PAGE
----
We can also do the same thing for team defenses. These stats differ slightly from official numbers, because I am only including pass attempts by opposing quarterbacks (and not all opposing players). Kansas City’s pass defense was the worst in the NFL in 2012, which helps to explain why they ended up with the number one pick.

1Chicago Bears34959136851824402854.251062
2Seattle Seahawks32656334951418362474.54834
3San Francisco 49ers33556434331914382704.84657
4Denver Broncos32155835582516523644.88643
5Cincinnati Bengals34655937611614513615.07527
6Arizona Cardinals27049634412021382285498
7Green Bay Packers31356838012418473095.14485
8Pittsburgh Steelers29952131591910371965.18416
9St. Louis Rams36254739271617523255.27395
10New York Jets26549331831911301705.54203
11Atlanta Falcons33654940321420291825.59197
12Houston Texans30858138812915442695.63189
13Baltimore Ravens33555639001512372505.75106
14Cleveland Browns37860041562717382335.885
15San Diego Chargers34656738832814382445.918
16Carolina Panthers37155538522211392845.919
17Buffalo Bills30653636692512361966-41
18Miami Dolphins35360042161810412376.07-88
19Minnesota Vikings39061141672810442846.1-109
20Washington Redskins39263546473021312026.16-151
21Tennessee Titans37456442053119392416.18-153
22Detroit Lions34654438062611342376.22-167
23New England Patriots36959445552720372136.31-240
24New York Giants34153442992621332316.43-281
25Indianapolis Colts33453539772312321896.54-346
26Jacksonville Jaguars34153339602112201286.71-433
27Dallas Cowboys3205113895227342116.99-577
28Oakland Raiders34752539602811251856.98-579
29Tampa Bay Buccaneers40962649473018271936.96-672
30Philadelphia Eagles2924853668338301987.32-716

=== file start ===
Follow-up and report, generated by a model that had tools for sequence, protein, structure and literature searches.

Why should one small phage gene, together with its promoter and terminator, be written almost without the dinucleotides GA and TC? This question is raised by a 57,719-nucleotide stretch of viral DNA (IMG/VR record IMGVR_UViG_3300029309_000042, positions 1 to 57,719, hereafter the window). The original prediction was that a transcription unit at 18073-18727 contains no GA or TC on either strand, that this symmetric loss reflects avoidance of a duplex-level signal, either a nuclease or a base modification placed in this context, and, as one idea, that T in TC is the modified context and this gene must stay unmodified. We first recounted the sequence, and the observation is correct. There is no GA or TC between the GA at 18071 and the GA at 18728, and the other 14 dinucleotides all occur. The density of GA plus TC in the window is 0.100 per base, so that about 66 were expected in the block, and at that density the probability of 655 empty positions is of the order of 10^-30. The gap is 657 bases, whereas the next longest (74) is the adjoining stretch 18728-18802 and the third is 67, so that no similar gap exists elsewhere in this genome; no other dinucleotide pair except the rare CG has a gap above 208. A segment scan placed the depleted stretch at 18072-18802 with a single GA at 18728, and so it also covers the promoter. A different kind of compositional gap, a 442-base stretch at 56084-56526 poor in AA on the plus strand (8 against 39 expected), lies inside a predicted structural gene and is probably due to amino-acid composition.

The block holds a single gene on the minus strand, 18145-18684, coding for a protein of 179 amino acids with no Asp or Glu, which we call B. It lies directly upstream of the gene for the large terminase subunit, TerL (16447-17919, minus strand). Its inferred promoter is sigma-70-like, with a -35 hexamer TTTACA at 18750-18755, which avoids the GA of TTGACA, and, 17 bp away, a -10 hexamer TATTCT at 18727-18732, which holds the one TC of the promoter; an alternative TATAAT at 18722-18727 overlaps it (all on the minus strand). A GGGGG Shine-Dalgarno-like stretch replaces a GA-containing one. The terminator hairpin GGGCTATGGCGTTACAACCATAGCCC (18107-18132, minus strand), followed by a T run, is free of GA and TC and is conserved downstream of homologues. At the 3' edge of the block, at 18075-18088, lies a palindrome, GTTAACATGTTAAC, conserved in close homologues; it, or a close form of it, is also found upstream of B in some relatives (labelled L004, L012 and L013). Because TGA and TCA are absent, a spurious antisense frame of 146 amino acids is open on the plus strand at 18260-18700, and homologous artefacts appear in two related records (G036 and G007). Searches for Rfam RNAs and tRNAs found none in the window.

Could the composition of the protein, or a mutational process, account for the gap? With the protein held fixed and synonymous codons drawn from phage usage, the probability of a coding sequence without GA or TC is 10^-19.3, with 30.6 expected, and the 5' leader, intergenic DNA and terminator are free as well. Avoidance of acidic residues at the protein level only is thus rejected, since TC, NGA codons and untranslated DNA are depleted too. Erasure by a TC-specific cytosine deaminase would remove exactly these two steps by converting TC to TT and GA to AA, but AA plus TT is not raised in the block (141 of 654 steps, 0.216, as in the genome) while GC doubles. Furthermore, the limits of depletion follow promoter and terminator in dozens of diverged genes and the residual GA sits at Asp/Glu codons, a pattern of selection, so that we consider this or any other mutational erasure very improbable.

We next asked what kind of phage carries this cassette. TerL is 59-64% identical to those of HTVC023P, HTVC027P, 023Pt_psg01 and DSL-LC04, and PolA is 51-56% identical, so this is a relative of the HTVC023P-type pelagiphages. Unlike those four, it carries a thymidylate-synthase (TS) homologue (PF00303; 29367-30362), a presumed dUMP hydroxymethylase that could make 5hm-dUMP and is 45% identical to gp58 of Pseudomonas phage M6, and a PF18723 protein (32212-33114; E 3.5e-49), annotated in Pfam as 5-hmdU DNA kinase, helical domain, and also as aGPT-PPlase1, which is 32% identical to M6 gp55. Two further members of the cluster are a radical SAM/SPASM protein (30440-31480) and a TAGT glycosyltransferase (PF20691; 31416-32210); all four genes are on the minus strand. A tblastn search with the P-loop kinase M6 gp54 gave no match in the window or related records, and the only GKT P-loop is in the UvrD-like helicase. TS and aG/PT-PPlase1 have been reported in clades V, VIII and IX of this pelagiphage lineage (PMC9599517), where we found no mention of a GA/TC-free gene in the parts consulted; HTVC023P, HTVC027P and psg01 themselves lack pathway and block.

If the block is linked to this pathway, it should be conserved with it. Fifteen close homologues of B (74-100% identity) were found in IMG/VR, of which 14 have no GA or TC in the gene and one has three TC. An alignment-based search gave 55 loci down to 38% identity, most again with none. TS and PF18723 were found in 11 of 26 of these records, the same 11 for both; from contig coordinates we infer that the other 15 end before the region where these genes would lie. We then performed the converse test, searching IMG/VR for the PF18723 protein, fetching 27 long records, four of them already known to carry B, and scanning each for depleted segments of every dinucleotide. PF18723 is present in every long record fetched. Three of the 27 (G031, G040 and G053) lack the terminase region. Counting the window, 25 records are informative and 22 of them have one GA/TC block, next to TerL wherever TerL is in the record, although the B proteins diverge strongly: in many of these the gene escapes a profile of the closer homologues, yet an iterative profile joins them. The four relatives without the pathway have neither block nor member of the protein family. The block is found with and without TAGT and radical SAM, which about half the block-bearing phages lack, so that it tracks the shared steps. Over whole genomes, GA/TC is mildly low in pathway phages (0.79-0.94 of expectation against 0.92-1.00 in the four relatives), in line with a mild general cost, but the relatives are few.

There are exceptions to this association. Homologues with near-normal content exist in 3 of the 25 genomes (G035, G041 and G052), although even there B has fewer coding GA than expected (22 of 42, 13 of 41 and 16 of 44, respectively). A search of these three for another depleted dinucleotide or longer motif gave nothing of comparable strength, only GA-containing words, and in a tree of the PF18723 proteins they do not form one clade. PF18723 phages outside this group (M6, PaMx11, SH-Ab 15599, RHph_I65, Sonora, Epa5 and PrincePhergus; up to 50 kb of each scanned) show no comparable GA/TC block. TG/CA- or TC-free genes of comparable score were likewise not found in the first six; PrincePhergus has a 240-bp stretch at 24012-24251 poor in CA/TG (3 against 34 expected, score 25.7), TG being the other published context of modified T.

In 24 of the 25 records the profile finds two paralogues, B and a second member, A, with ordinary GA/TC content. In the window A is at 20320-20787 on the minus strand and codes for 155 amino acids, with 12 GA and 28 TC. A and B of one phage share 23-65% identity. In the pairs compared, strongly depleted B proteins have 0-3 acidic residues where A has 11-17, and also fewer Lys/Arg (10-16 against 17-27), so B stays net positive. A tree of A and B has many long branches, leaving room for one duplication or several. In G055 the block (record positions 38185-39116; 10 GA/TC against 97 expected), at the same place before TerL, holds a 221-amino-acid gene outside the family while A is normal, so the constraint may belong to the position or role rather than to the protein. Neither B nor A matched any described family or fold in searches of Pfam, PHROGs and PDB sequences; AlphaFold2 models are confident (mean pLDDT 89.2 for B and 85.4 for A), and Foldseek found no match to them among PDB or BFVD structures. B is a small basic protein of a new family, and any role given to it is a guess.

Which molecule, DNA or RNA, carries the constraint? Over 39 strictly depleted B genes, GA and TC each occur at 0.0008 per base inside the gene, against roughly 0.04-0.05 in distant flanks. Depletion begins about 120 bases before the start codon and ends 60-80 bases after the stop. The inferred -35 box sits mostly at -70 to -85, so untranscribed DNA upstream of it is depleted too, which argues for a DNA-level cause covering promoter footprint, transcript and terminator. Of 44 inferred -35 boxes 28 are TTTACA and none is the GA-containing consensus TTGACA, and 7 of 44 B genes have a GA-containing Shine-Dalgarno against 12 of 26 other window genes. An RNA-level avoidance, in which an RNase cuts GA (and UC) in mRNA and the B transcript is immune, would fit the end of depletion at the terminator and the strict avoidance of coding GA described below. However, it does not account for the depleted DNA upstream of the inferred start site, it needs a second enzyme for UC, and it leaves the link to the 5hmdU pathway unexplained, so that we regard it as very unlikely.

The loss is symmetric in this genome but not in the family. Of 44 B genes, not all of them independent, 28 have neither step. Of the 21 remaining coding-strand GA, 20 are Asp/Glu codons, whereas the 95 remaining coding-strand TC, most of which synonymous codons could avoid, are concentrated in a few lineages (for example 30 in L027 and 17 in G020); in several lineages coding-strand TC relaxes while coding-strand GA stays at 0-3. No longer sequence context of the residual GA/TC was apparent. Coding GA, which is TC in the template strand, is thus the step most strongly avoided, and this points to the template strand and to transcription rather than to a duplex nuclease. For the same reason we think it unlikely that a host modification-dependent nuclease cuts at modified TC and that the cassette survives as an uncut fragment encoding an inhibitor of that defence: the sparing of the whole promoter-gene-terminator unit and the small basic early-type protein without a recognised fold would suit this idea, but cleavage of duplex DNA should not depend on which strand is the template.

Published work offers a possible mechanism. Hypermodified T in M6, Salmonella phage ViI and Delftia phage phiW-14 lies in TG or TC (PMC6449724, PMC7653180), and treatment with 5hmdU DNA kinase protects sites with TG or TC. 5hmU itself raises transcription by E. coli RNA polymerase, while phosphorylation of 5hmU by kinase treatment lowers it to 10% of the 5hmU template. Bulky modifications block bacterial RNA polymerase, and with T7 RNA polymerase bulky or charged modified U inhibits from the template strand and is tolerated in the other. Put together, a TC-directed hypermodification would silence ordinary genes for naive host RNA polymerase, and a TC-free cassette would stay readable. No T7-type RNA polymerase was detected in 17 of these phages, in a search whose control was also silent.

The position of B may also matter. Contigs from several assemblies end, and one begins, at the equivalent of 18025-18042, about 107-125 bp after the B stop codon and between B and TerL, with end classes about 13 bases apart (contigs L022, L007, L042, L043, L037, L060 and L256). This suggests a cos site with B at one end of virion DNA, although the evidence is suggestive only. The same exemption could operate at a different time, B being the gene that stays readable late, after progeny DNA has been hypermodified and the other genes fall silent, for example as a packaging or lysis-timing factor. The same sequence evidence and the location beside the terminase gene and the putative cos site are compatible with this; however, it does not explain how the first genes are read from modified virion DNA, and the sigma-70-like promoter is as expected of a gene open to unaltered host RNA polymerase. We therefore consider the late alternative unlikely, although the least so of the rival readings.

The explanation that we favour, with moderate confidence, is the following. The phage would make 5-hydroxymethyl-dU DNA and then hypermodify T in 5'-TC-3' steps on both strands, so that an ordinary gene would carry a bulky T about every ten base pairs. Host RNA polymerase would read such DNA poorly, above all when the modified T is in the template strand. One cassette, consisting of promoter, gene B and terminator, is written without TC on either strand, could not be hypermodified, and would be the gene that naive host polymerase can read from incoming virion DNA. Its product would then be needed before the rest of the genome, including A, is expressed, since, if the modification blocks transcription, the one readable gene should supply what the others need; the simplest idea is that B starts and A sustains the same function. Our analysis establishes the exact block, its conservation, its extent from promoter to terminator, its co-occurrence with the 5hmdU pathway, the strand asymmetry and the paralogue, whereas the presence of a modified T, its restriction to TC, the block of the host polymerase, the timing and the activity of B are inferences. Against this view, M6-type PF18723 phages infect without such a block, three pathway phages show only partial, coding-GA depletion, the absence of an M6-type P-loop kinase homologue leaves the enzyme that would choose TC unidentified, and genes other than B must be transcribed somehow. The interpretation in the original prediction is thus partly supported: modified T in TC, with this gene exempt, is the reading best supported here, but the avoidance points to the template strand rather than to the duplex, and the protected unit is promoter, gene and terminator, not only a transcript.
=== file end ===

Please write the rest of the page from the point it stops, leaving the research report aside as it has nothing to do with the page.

31New Orleans Saints37060248753115301947.32-878
32Kansas City Chiefs2794633694297271617.75-892

But you guys can get the information in the above tables anywhere (but should get it from PFR). The point of today’s post is to adjust those numbers for strength of schedule. It’s not really fair to compare Peyton Manning when he plays the Chiefs to Aaron Rodgers against the Bears. Sure, over 16 games the variance in the strengths of opposing defenses gets pretty small, but it does not even out. The solution is this post — a methodology I’ve labeled Rearview adjusted net yards per attempt, which adjusts those numbers for strength of schedule.

The system is essentially the same as the one used in the Simple Rating System. Let’s look at Tom Brady, who averaged 7.48 ANY/A last season, on 664 pass plays. If we want to find Brady’s SOS-adjusted rating, we need an equation that looks something like this:

Rating_Brady = 7.48 + (68/664) * (Rating_SF-D) + (59/664) * (Rating_SEA-D) + … (35/664) * (Rating_DEN-D)

Brady likes the idea of SOS adjustments

Brady likes the idea of SOS adjustments.

What’s that formula say? Brady’s true rating should equal his ANY/A plus the rating of each defense he played, multiplied by the number of pass plays he had against that team. Since Brady threw 65 passes and was sacked three times against the 49ers, had 59 pass plays against the Seahawks, and 35 against the Broncos, those numbers must be weighted accordingly. Each of the 32 defenses is assigned a rating based on how much tougher or easier they are on opposing QBs than the league average. The 49ers defense gets (initially) a +1.09 rating in 2012, because opposing QBs averaged 4.84 ANY/A, which is  1.09 fewer ANY/A than league average. So the Rating_SF-D variable would (initially) be +1.09 in the above formula.